Since announcing its first two COVID-19 deaths in the holy Shia city of Qom on February 19, Iran had taken a series of steps to contain the virus. It has closed schools and universities until early April, as well as four key pilgrimage sites, including the Fatima Masumeh shrine in Qom. Iran also cancelled the main weekly Friday prayers, and temporarily closed Parliament.
Hossein Salami, the commander of Iran’s Islamic Revolutionary Guards Corps (IRGC), suggested on 05 March 2020 that the coronavirus might be an American biological weapon -- contradicting experts who say there's no evidence it could be man-made. "Today, the country is engaged in a biological battle," Salami was quoted as saying by the semiofficial ISNA news agency. "We will prevail in the fight against this virus, which might be the product of an American biological [attack], which first spread in China and then to the rest of the world," he said, adding that "America should know that if it has done so, it will return to itself."
Iran's President Hassan Rouhani said 21 March 2020 he expected measures taken to combat the spread of the highly infectious coronavirus, including social distancing, to be eased within the next two to three weeks. Accusing "counter-revolutionaries" of attempting to shut down economic production, Rouhani said in a televised address his country "has to do everything" to return economic activity back to normal.
Iranian state media cited “chemical injuries” from the war with Iraq to be the cause behind the death of one official and the hospitalization of another. State media said in February 2020 that lawmaker Mohammad Ali Ramezani died of “chemical injuries.” The semi-official Fars news agency reported weeks later that Ramezani died of coronavirus. The semi-official ILNA news agency had also reported in March 2020 that Industry Minister Reza Rahmani was hospitalised due to “chemical injuries,” denying reports that he had been infected with coronavirus. Hojatoleslam Abolghassem Erami, a former Friday Prayers leader in Ghamsar, was among chemical-weapons victims who have died after contracting the coronavirus.
There is growing concern about the danger COVID-19 posed to tens of thousands of victims of chemical weapons who suffer from respiratory problems and lung diseases. An estimated 100,000-150,000 Iranians survived chemical-weapons attacks by Iraqi dictator Saddam Hussein during the 1980-88 Iran-Iraq War, and many are disabled by chronic illnesses caused by exposure to mustard and nerve gas.
The state Foundation for Martyrs and Veteran Affairs said in a February 26 statement that veterans of chemical-weapon attacks are particularly vulnerable to the coronavirus, while calling on them and their families to take protective measures, including washing their hands and staying away from people with flu-like symptoms.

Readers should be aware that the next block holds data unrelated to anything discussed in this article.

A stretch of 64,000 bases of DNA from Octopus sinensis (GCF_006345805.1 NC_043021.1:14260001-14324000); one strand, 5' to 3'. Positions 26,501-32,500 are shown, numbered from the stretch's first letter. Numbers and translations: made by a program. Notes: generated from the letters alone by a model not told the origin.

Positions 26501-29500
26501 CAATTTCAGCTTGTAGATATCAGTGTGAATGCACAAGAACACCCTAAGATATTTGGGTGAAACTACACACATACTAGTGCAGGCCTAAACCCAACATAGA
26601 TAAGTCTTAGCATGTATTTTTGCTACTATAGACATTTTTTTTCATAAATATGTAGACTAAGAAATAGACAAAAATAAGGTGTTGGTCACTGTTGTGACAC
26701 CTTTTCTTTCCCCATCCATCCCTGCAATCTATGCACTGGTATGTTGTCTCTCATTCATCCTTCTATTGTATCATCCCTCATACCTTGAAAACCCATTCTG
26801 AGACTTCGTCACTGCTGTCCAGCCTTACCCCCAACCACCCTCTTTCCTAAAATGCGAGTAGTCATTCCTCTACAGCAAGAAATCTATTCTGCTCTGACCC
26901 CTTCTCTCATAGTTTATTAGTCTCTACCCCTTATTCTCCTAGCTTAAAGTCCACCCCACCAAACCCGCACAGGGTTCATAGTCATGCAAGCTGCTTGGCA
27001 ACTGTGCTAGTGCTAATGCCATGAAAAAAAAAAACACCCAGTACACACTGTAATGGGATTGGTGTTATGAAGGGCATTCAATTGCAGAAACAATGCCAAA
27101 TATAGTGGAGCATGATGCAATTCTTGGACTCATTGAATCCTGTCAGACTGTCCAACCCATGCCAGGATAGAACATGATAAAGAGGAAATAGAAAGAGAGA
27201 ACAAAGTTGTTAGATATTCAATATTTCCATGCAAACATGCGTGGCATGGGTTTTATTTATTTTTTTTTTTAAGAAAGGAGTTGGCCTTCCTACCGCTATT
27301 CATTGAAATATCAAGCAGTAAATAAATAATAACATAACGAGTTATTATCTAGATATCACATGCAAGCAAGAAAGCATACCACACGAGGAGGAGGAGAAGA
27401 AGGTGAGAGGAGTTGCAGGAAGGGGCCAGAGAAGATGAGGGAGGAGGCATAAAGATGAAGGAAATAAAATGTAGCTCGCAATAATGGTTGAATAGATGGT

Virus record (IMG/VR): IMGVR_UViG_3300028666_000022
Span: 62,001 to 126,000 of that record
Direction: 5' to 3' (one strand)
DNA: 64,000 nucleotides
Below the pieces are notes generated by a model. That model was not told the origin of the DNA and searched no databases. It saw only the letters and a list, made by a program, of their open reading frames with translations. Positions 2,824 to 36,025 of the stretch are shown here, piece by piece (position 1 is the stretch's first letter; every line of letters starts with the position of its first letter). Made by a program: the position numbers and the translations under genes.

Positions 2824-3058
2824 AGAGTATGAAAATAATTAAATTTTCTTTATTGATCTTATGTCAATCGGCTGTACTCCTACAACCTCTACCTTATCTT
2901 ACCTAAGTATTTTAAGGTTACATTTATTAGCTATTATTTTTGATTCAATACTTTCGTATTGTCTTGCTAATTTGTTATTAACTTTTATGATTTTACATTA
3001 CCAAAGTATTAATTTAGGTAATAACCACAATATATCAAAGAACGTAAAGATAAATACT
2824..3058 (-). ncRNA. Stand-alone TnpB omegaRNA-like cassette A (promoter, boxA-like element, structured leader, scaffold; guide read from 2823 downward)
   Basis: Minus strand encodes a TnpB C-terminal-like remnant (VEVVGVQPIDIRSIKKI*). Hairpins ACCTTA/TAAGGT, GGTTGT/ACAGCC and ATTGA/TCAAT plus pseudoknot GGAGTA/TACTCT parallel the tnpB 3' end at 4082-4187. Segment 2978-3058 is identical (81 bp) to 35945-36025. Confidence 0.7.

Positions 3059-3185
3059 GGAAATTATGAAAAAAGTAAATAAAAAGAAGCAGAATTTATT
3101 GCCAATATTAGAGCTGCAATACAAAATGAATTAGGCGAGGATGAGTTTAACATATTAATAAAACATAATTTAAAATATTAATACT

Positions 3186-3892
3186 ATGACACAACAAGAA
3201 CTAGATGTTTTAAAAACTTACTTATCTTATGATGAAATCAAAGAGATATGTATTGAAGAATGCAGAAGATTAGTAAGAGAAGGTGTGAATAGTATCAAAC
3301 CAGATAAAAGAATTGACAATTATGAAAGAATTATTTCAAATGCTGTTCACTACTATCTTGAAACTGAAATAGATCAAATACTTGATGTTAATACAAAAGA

A video circulating on social media showed a large number of empty graves in the Shia holy city of Qom ready for mass burials, suggesting the death toll from coronavirus is higher than what Iranian authorities claim. “This is the ‘crisis’ section of the cemetery. This is only one part of it. There is another part higher up. There are graves as far as an eye can see. They are ready for burials,” the man filming the cemetery is heard saying. The video is from Qom’s Behesht-e Masoumeh cemetery. The head of the cemetery, Seifoddin Mousavi, confirmed the existence of a section dubbed “Crisis” at the cemetery. He claimed, however, that this section was built during the past four years rather than after the coronavirus outbreak.
Satellite imagery published March 12 showed 100-yard trenches apparently meant to bury coronavirus victims. Analysts said the size of the pits and the speed of their excavation showed that the problem was unique — typical Iranian burial practices involve individual and family plots. Instead, these newly dug trenches are row after row of graves covered in lime to block the smell of decaying bodies.
Iran's supreme leader refused U.S. assistance 22 March 2020 to fight the new coronavirus, citing an unfounded conspiracy theory that the virus could be man-made by America. Ayatollah Ali Khamenei chose to traffic in the same conspiracy theory increasingly used by Chinese officials about the new virus to deflect blame for the pandemic. “I do not know how real this accusation is but when it exists, who in their right mind would trust you to bring them medication?" Khamenei said. "Possibly your medicine is a way to spread the virus more.” He also alleged without offering any evidence that the virus “is specifically built for Iran using the genetic data of Iranians which they have obtained through different means.” He said “You might send people as doctors and therapists, maybe they would want to come here and see the effect of the poison they have produced in person". Khamenei made the comments in a speech in Tehran broadcast live Sunday across Iran marking Nowruz, the Persian New Year.